New Unfair Contract Laws after 9 November 2023

The existence of unfair contract laws in Australia is nothing new. The effect of breaching these causes the offending provisions in a contract to be void from the contract’s outset (void ab initio). To date, these provisions have been restricted to standard form contracts to consumers and small businesses (which I’ll refer to below as Contracts).

expansion of this law

On 9 November 2023, the definition of a small business changes as follows.

Current test – contracts for goods, services, a grant of an interest in land, financial services or financial products

New Test – contracts for goods, services or a grant of an interest in land

(Australian Consumer Law)

New Test – Contracts for the supply of financial services or financial products

(ASIC Act)

Businesses that employ fewer than 20 people (includes casual employees employed on a regular or systemic basis)

Upfront price not more than $300,000; or $1,000,000 if the contract has a duration of more than 12 months

A person who carries on a business and employs fewer than 100 full time equivalent people (includes casual employees employed on a regular or systemic basis)

Annual turnover less than $10,000,000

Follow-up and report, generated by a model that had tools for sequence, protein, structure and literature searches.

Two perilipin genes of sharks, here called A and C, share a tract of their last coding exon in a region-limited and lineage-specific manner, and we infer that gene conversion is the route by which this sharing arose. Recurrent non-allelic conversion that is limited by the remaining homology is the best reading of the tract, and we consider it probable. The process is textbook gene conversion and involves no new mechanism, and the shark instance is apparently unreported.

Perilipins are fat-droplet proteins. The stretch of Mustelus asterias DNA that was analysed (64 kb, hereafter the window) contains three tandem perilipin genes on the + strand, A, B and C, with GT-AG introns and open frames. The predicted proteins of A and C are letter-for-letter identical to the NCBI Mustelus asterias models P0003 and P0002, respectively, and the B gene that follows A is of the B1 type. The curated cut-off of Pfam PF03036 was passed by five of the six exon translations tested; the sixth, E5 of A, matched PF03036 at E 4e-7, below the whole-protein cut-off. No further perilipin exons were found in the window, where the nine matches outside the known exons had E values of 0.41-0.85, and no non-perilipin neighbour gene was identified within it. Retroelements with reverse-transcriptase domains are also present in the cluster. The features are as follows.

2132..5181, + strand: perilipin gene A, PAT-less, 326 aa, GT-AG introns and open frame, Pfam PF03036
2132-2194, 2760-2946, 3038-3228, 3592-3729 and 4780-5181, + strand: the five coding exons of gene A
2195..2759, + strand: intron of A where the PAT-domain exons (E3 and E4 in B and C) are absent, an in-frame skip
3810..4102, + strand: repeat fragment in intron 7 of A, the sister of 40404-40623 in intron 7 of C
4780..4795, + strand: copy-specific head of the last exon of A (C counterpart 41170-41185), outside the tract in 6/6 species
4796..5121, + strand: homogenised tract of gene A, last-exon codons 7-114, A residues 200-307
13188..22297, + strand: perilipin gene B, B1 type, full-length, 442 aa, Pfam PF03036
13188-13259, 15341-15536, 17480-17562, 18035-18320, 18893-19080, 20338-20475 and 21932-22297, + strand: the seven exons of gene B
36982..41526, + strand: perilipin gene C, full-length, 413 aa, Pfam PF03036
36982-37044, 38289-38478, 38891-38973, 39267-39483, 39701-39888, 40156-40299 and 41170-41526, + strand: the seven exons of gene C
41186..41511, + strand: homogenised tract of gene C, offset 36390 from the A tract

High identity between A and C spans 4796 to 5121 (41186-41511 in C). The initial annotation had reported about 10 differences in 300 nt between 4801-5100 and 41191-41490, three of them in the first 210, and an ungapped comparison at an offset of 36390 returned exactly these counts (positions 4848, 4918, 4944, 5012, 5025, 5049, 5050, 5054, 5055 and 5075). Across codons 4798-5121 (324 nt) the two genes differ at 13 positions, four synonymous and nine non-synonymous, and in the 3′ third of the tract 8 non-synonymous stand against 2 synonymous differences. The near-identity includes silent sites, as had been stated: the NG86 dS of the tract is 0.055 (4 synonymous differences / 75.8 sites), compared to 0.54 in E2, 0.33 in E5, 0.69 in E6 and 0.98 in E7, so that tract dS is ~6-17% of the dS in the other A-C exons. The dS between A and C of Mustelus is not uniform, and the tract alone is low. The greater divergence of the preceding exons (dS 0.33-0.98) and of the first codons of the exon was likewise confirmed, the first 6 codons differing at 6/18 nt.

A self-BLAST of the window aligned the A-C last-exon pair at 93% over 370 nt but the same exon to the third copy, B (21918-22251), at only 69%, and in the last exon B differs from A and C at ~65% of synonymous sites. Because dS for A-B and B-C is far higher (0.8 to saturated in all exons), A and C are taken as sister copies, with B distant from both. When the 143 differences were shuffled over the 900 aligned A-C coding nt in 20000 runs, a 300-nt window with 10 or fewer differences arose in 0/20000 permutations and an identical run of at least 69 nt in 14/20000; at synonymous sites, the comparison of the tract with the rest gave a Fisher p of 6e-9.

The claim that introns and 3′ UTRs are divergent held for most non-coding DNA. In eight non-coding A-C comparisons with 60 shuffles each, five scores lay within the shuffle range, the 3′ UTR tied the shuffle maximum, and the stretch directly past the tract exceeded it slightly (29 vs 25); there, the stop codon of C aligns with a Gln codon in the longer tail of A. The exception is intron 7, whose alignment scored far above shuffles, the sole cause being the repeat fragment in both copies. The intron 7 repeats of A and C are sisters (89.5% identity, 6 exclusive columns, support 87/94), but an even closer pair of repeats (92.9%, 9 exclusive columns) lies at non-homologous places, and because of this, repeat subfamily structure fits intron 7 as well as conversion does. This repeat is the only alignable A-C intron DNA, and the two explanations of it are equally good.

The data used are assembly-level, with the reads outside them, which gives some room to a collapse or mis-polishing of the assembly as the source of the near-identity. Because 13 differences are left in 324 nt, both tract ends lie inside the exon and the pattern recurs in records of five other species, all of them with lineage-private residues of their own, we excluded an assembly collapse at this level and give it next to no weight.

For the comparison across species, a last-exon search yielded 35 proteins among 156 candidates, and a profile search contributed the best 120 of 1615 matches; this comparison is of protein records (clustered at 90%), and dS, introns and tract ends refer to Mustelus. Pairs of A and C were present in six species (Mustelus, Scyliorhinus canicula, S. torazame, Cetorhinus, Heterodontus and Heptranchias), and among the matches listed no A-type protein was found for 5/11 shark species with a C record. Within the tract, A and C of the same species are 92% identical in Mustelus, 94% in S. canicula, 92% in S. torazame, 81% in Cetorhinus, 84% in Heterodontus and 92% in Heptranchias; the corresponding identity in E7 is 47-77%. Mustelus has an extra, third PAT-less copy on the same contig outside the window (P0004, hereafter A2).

A person who carries on a business and employs fewer than 100 full time equivalent people (includes casual employees employed on a regular or systemic basis)

Annual turnover less than $10,000,000

Upfront Price (excluding interest but including loan principle) not more than $5,000,000.00

The focus of the provision is now on the party to the contract rather than the business as a whole.  As a result a special purpose vehicle owned by a business with turnover more than $10,000,000 will itself be a small business if it conducts a business. This is a particular risk for financiers of property developers or other enterprises conducting business through an SPV, as a new SPV will have no annual turnover at the relevant time.

Annual turnover is the previous year’s turnover calculated using a formula in the legislation and excludes non-taxable supplies, input taxed supplies (for GST purposes), supplies connected with an indirect tax zone and supplies not connected with the enterprise carried on by the business.

For lenders, this also means that the law may not apply to a loan contract for more than $5,000,000 with a small business, but will apply to a mortgage, any general security agreement or guarantee seeking to charge the land as security for the loan because a different test applies to the “grant of an interest in land”.